Responding to Problems: A Facilitative Approach

Once you've diagnosed a writer's writing problems, you are ready to craft your response. There are four kinds of responses that you can make: facilitativedirectivecorrective, and evaluative. We believe that writers learn best when tutors and writing assistants respond in ways that are primarily facilitative - that is, when they make responses that help writers to discover their own ideas and strategies for improving their papers.

What is the Facilitative Approach?

Facilitative remarks avoid telling a writer what to do - Change this; rearrange that. Instead, they raise questions that are carefully crafted so that they encourage a writer to consider her ideas and their expression more fully. These questions might be general - for example, Where is your thesis sentence? More often, however, they are specific, addressing a weakness in very particular terms. For example:

  • Your introduction talks in general terms about the strengths and weaknesses of various presidents; you conclude the paragraph by announcing that your paper will consider Bush and his presidency. However, you don't declare the terms of your discussion. What do you plan to argue about Bush's strengths and weaknesses as president?

Facilitative remarks are not always phrased as questions. Very often, a declarative sentence can be facilitative in that it challenges a writer, asking her to reconsider some aspect of her paper. For example:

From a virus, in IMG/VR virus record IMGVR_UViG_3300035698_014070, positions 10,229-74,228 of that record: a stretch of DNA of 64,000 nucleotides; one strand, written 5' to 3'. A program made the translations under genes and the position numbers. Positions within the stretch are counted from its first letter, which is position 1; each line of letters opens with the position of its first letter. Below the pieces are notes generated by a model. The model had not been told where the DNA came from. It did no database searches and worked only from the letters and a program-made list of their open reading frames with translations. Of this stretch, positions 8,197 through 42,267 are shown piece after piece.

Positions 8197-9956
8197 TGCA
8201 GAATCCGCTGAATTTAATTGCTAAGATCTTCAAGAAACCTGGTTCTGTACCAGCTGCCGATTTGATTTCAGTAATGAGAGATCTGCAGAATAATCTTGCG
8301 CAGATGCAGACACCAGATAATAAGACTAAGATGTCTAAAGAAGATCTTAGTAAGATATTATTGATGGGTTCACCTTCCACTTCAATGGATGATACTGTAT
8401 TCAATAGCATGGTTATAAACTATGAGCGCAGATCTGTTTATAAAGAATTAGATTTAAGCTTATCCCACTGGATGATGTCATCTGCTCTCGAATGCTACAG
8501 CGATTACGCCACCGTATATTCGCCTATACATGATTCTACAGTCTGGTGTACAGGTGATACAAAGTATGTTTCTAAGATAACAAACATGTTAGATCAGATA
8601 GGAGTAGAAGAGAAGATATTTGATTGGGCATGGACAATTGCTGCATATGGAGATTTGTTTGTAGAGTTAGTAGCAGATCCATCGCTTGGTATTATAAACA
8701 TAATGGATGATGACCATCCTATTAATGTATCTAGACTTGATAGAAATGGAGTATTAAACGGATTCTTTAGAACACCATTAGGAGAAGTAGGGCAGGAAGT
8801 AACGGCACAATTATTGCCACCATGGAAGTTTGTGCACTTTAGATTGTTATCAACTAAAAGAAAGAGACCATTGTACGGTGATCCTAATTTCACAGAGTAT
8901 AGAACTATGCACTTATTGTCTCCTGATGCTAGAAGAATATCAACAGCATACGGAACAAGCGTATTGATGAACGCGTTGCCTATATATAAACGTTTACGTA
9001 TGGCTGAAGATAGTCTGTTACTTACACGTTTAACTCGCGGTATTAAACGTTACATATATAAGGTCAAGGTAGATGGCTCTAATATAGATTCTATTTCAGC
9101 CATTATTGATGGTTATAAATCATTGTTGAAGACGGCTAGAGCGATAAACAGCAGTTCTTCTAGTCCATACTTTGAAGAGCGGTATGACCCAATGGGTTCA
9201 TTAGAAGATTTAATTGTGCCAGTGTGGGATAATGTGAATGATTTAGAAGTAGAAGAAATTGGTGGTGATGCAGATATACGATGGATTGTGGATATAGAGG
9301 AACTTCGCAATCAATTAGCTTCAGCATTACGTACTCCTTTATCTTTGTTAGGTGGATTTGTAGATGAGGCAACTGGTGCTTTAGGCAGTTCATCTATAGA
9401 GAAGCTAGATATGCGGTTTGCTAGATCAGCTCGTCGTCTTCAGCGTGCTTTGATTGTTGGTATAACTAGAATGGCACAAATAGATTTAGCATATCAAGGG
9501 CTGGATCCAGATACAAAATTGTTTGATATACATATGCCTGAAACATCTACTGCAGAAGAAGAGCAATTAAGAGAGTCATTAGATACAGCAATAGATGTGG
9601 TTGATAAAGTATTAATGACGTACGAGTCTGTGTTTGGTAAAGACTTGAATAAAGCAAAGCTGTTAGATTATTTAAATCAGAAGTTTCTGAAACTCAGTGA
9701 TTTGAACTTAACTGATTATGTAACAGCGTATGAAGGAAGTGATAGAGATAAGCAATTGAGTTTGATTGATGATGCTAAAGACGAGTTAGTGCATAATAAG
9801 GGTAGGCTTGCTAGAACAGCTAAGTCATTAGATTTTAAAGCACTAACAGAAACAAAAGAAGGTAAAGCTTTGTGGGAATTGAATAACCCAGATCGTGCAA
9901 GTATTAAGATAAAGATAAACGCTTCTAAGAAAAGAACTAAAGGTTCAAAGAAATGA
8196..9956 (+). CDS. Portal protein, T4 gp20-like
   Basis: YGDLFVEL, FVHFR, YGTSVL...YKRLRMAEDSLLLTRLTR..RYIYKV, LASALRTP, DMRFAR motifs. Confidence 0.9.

• I'm not following the connection you seem to be making between presidential privilege and the downfall of the American political system.

You might also find facilitative remarks taking the form of suggestions. Note the plural noun: if you make one suggestion, the writer may follow it without thinking; if you make several, he must consider them all and choose from them - or come up with an alternative.

It's important to understand that while the facilitative response is in spirit very different from the directive, its aim is to lead writers to a desired end. Indeed, the facilitative approach involves asking what one might call the "leading question." In other words, simply asking questions of a writer doesn't do the trick. These questions need to be propelled by a plan. (See Example: Facilitative Commentary.)

Still, you should proceed cautiously when asking leading questions: be happy to lead, but be just as happy to follow when the writer takes off in a new direction. Be prepared to think on your feet, and to come up with new strategies to facilitate any fresh, exciting turn in the writer's process.

Why Use the Facilitative Approach?

The idea behind the facilitative response is that student writers best learn to write when they are made responsible for their own writing and re-writing decisions. The facilitative question or comment permits writers to retain this important responsibility by locating authority and authorship with the writer. Tutors and writing assistants who respond facilitatively do not give writers easy answers. Nor do they provide them with explicit directions for revision. Rather, they raise questions that encourage writers to think about their writing problems and to choose from among a variety of solutions.

The Limitations of the Facilitative Approach